Faces of Maastricht Carnival

These are the faces of the Maastricht Carnival. The faces of hearty street dancers, of shameless drunk singers, of new friends and fellow celebrators. Together, these faces create the perfect madness that is Vasteloavend in Mestreech.

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The history of carnival in Maastricht

February 10, 2007 by Hennie Reuvers 

During my childhood years in the late 1950’s, carnival didn’t start earlier than one week before Ash Wednesday. Our schoolmaster at the Saint Francis primary school, in the Maastricht district of Nazareth, would set out to teach us the new carnival song in Mestreechs, the dialect of Maastricht. These songs were often inspired by some local event and I still remember one in particular about the dustmen (or ‘drekmaan’ in dialect) who went on strike…

Carnival 1930, photograph: courtesy of Hennie Reuvers

My mother would stitch cowboy fringes onto our trousers and buy us new snap cap pistols. Donning the old cowboy hats that were still lying in the loft, we were soon ready for the school carnival on Saturday afternoon.

On Sunday morning, we went to watch the Big Carnival Parade (‘groete optoch‘). Shiplike floats displayed topical subjects, such as political events in the Belgian Congo, and funny individuals called Einzelgängerwere said to be dancing about with turds in their nappies.

During the next two days all the children were off school and passed the time playing ‘cowboys and Indians’. Then, on Ash Wednesday, Lent began and carnival was over.

I didn’t spend my adolescent years in Maastricht, but my children did. My daughter took part in the carnival festivities with her girlfriends disguised as a geisha or a samba dancer. Much to my grief, the feasting lasted all day and a large part of the night. After carnival, she was always ill. Nowadays, she’s had enough of these three days of madness, and flees from the city in good time.

What is carnival? 
Sober outsiders can’t easily understand what is going on. Where the hell does this folly come from? A bit of reading into the matter quickly made me realise that carnival is celebrated in many places all over the world, but not nearly everywhere. In the northern part of the Netherlands, it actually falls under the realm of ‘popish naughtiness’. (‘paapse stoutigheden‘)

Moreover, there are wide differences in the way the festival is celebrated. For example, the exuberant summer carnival of Rio de Janeiro in Brazil bears little similarity with the Farmers Wedding feast (‘Boerenbruiloft’) typical of the Dutch province of Brabant.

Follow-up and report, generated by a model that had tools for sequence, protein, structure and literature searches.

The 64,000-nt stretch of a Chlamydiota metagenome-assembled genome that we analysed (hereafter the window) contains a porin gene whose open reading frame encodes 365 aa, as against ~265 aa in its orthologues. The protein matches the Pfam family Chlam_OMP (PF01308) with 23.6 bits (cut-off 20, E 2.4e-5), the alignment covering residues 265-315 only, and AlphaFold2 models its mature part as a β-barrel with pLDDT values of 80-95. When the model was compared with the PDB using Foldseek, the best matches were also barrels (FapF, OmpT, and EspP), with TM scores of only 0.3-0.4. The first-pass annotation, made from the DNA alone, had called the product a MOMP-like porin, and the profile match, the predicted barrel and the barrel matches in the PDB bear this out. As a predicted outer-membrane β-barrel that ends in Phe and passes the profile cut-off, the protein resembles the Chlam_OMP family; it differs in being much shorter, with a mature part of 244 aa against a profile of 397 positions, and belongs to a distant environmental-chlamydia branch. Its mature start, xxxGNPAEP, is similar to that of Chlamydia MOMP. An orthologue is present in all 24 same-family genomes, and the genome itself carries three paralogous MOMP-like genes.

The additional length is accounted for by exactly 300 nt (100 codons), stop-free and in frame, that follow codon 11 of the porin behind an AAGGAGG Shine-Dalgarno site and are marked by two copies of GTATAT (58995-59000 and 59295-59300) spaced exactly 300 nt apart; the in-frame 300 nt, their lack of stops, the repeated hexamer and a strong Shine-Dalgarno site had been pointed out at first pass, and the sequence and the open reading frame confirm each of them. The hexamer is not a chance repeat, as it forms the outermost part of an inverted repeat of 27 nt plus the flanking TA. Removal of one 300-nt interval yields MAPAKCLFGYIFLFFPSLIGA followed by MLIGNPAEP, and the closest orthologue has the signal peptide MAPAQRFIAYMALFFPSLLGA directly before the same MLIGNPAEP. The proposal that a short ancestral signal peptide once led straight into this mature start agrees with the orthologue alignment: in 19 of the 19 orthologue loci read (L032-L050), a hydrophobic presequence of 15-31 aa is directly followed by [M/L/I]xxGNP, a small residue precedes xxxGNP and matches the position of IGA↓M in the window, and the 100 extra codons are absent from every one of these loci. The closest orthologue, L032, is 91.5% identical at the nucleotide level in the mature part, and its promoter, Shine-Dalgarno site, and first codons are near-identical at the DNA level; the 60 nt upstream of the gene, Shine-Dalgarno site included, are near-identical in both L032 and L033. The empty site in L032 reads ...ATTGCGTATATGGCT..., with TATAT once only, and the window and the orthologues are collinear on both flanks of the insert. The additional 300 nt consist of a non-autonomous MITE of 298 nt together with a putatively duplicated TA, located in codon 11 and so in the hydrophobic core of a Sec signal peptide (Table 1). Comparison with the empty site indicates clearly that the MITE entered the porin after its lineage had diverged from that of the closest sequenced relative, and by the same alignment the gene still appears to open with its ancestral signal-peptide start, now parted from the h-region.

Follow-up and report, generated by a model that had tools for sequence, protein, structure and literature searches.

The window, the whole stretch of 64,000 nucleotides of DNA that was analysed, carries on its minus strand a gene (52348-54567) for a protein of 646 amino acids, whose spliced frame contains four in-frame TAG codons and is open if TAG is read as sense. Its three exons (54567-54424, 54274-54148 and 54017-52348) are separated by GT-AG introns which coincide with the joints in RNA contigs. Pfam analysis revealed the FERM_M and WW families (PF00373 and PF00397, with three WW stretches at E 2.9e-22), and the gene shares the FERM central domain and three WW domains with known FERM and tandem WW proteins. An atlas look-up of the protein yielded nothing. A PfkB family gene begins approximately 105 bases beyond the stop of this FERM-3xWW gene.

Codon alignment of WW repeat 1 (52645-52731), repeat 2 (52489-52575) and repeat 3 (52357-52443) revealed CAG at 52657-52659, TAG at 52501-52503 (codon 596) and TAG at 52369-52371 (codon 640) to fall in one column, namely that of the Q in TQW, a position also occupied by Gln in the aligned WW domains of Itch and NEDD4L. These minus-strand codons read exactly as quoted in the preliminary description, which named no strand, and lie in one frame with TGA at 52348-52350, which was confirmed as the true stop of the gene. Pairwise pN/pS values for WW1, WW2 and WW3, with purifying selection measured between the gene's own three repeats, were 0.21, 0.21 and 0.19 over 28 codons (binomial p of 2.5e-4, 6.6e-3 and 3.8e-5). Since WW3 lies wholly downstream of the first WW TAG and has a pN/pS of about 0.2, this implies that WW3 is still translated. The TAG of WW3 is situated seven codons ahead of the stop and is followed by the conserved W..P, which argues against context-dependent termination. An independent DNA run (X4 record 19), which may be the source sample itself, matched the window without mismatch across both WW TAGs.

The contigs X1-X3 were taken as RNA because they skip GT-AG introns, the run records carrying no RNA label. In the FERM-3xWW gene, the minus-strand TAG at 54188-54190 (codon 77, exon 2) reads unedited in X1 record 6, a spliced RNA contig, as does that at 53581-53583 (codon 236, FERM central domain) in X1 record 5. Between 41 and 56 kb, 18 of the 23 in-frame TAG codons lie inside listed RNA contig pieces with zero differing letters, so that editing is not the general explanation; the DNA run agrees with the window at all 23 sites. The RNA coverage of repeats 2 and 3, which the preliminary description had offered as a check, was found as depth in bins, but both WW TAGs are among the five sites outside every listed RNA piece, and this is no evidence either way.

The origin of carnival appears to be mainly threefold and can be traced back to:
First, the Roman Saturnalia, Bacchanalia, and Lupercalia festivals. These were fertility rituals connected with the succession of the seasons. Slaves and women were sometimes allowed to be the boss for a while, or conversely, had to endure even more hardships.

Wodan, source: WikipediaSecond, the Germanic-Celtic pendants of the Roman festivals. These were also linked with fertility, and hence with death: for instance, the Wild Chase (‘Wilde Jacht’) represents a procession of slain warriors, led by Wodan. (This gives me a nice idea: why not go to carnival disguised as Wodan, the one-eyed supreme god with a wild beard, a soft hat and a wide mantle, riding on a white horse and flanked by two ravens?)

Third, the ecclesiastical feasts of fools. These held a reversal of the normal hierarchy as well. Since medieval times, the Catholic Church has gradually substituted Christian counterparts for the old heathen customs. Accordingly, Shrove Tide was the last occasion for pleasure before the beginning of Lent.

The Carrus Navalis 
The Dutch words for carnival are ‘carnaval‘ and ‘vastenavond‘.

There are two possible explanations for ‘vastenavond‘: First, it can be understood as ‘Fast evening’, meaning the eve of Lent. Second (as in the German word Fasnacht) it can refer to the Indo-European word stem ‘pes‘, and our word ‘penis‘, and thus to fertility.

For the word ‘carnaval‘ there are three explanations from Latin: First, carnevale – meat farewell, referring to the approach of Lent. Second, related to the first, carnelevare – to abolish the meat. Third, carrus navalis – ship cart, or float, and that’s something quite different.

Carnival float, photograph: http://hetiscarnaval.homestead.comFloats have been present in fertility festivals from Norway to Greece since pre-Christian times. Some historians think that the carnival float is a remainder of the ancient Indo-European brotherhoods. Other people consider it as a parody of the Ship of Saint Peter, which represents the Catholic Church. And that isn’t improbable either, because carnival has always been the festival of parody and reversed relationships.